We discussed about having a second go at Walser, but in the end we drove a looong way west until we reached the western (yes, western) French Pyrenees after dark.


goodbye to Monviso

August 3rd

Up early and again relatively easy to find two Seoane’s Vipers Vipera seoanei. Not the prettiest specimens, but nice to find them, after no luck in spring. The nearby streams allowed for some amphibian fun during the subsequent night.


Seoane’s Viper Vipera seoanei


Seoane’s Viper Vipera seoanei


Seoane’s Viper Vipera seoanei


afternoon naps become necessary after forty


superb Rana pyrenaica habitat


Fire Salamander Salamandra salamandra fastuosa


newt and ‘poles


Pyrenean Brook Newt Calotriton asper


pyrenaica development


Common Midwife Toad Alytes obstetricans at the end of depositing larvae


Common Frog Rana temporaria


Spiny Toad Bufo spinosus - often yellowish in this area

August 4th

With some nice observations under our belt, we decided to include a lengthier Spanish episode. Trip reports by dear herper friend and intergalactic hero GertJan Verspui had had me longing for more Seoane’s Viper for years and I was also keen on going to see the last European Salamandra taxon I yet had to see. First, we tried for vipers at a very nice spot in Cantabria province. Then, the salamander, which had us crossing the inland Spanish heat as fast as possible, to sleep once more at montane altitude, this time in the Sierra de Gredos. We arrived a little before sunset. After dark, a quick outing to find a brave Iberian Stream Frog Rana iberica among the abundant fish.


just another early morning in the woods


stop along the way - second visit in a year, but still without Natrix astreptophora


Iberian Stream Frog Rana iberica

August 5th

The next morning, we kept to our routine of starting early on our mountain hikes. Despite dry and tough conditions, we managed to find a subadult and some juveniles of the local Fire Salamander specialty Salamandra salamandra almanzoris. Cyren’s Rock Lizard Iberolacerta cyreni was extremely abundant along the way, co-occurring with lower numbers of another one of my favourites – Schreiber’s Green Lizard Lacerta schreiberi.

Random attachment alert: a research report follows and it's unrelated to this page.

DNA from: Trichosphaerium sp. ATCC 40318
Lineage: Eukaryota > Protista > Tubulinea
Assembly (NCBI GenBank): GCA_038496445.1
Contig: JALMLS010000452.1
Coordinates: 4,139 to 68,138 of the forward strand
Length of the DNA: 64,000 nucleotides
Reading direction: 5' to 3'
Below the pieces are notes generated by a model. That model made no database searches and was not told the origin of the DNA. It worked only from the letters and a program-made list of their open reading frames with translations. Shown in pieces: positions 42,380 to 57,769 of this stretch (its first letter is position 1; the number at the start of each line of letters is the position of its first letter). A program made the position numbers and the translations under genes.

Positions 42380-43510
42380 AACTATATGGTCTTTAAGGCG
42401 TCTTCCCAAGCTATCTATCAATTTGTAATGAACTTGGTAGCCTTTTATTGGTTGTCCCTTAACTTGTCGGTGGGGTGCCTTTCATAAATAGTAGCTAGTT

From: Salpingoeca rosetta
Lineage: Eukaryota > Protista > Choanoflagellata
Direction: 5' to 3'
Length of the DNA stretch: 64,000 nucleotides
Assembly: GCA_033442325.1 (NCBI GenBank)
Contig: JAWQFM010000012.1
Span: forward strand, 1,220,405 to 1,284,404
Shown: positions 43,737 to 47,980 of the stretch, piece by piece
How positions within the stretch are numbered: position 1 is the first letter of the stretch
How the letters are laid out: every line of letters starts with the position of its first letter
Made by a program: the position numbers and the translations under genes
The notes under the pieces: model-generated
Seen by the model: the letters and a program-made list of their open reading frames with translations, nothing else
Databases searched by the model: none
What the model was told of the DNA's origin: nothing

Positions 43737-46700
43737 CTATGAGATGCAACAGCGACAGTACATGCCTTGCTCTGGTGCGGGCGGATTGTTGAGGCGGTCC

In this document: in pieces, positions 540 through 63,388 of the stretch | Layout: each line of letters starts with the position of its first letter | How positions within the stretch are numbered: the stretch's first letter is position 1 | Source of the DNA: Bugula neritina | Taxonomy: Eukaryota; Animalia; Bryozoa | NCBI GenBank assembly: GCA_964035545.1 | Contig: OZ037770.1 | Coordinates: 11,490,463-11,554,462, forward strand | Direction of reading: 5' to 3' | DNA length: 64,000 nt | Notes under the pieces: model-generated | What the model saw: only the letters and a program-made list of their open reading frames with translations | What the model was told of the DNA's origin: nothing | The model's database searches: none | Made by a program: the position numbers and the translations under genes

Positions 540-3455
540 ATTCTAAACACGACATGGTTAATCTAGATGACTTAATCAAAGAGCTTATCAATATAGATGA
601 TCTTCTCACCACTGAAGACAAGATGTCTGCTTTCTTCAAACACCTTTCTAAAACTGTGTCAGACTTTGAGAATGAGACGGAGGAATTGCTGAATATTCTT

waking up on Gredos carpark


unshy ibex








Fire Salamander Salamandra salamandra almanzoris


Cyren’s Rock Lizard Iberolacerta cyreni


Cyren’s Rock Lizard Iberolacerta cyreni


female Schreiber’s Green Lizard Lacerta schreiberi


shy male Schreiber’s Green Lizard Lacerta schreiberi


male Schreiber’s Green Lizard Lacerta schreiberi and Smooth Snake Coronella austriaca


14 years later


these rocky brooks are the ticket in summer

By late afternoon, we were back north in Asturias. Another gorgeous site with zero vipers to be found.


seoanei heaven

After dark, we stealthily passed Covadonga and a zillion tourists, making our way up into the Picos de Europa for another viper attempt the next morning. The last few kilometres were particularly challenging, as the Common Midwife Toad Alytes obstetricans covered road was hidden in dense mist, but we made it and slept well.

August 6th

The next morning, again several hours of viper searching without luck. I decided to give up and go for Iberian Rock Lizard Iberolacerta monticola, at which point I found my nicest Seoane’s Viper so far. Loïc joined me at the same slope and added a nice female too. Finally!


and another seoanei heaven


Seoane’s Viper Vipera seoanei


Seoane’s Viper Vipera seoanei


Seoane’s Viper Vipera seoanei


Seoane’s Viper Vipera seoanei